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February 13, 2013 (Kentucky New Era)

Kentucky lawmakers set to again consider restoration of voting rights

Nearly a quarter-million people in Kentucky are denied voting rights due to prior felony convictions, ranking among the highest disenfranchisement rates in the country, according to a new report released Tuesday by the League of Women Voters of Kentucky.

The findings come as Kentucky lawmakers again consider legislation that would restore voting rights to people with felony convictions.  With an estimated 243,842 of its adults barred from voting, Kentucky has the nation's third-highest disenfranchisement rate, behind Florida and Mississippi, the report said.

Re-enfranchisement proposals have been stymied for years in the General Assembly.

The report notes that voting booths are off-limits to one of every 14 adults in Kentucky, nearly three times the national rate.  Among blacks, almost one in five is disenfranchised in Kentucky — almost triple the national rate, according to the report.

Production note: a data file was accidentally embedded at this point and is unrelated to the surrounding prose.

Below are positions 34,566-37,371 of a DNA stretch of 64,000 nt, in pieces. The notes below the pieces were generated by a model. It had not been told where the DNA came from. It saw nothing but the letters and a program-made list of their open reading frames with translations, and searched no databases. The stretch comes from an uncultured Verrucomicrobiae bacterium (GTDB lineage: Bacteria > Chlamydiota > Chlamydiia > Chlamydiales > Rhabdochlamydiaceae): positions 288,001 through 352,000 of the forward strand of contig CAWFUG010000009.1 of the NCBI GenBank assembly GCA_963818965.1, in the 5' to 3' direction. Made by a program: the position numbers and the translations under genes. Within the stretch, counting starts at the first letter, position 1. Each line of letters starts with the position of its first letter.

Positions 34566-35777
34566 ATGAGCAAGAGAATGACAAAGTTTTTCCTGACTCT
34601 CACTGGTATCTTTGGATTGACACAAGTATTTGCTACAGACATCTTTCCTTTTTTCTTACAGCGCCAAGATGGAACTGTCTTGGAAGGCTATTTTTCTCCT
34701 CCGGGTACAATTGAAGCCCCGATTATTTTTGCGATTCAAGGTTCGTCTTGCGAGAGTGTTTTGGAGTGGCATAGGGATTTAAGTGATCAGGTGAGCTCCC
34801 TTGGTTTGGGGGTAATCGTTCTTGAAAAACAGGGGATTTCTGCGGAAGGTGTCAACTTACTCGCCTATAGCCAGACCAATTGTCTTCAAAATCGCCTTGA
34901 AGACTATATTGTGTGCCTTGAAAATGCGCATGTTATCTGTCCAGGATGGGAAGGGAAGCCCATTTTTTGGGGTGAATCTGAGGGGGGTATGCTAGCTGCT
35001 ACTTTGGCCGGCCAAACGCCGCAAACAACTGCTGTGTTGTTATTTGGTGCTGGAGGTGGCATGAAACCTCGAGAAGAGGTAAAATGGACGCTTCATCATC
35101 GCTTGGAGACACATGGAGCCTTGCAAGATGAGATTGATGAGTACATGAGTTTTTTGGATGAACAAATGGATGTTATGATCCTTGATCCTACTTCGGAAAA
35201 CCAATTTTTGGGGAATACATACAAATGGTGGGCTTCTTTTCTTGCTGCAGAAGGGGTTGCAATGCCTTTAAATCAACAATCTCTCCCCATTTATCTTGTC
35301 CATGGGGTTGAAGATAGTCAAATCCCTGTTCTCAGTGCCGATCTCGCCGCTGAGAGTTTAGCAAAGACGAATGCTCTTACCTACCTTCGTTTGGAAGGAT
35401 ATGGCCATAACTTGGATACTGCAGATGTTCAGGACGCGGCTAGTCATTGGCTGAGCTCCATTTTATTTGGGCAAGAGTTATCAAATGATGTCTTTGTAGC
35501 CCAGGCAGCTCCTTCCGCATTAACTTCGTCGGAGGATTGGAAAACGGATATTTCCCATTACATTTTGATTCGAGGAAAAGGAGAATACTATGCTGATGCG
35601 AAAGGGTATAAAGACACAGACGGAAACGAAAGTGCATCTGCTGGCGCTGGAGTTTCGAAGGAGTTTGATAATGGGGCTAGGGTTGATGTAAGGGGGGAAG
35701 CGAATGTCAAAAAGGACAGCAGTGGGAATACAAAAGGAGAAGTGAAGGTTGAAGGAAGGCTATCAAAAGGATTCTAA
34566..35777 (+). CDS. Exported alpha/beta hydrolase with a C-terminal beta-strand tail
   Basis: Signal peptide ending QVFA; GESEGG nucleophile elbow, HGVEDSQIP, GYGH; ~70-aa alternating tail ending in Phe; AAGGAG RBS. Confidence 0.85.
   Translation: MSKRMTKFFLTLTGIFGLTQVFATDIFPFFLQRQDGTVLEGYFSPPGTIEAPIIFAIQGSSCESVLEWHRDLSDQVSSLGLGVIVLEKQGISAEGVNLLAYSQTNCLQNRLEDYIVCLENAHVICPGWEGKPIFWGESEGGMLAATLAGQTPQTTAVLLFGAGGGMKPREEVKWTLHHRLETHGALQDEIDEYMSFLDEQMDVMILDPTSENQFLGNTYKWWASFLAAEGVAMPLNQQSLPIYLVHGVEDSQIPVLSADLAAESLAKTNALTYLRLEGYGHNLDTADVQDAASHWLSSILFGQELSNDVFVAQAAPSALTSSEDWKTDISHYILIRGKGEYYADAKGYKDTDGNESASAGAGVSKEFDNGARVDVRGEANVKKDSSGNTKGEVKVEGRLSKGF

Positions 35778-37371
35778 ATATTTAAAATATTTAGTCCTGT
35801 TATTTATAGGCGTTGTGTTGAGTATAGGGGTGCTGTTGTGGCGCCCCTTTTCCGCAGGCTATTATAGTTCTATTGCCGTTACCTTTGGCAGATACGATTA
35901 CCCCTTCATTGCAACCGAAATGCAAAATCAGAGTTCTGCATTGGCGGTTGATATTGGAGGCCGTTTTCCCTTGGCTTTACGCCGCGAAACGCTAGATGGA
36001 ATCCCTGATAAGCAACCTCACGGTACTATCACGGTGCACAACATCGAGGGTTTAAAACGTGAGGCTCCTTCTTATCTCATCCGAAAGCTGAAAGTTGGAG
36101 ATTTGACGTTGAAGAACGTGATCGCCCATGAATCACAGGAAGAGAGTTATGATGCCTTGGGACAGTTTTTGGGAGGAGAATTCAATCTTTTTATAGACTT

These people are no longer in prison but taxpayers living and working in communities across the state.  "Overall, 90 percent of the disenfranchised population is not in prison, but living in the community," the report noted.

"If you believe in redemption ... then people who have rehabilitated themselves ought to be able to be just like any other citizen and be allowed to vote," said state Rep. Jesse Crenshaw, who has championed the cause for years.

Issue Area(s): Sentencing Policy, Incarceration, Felony Disenfranchisement, Collateral Consequences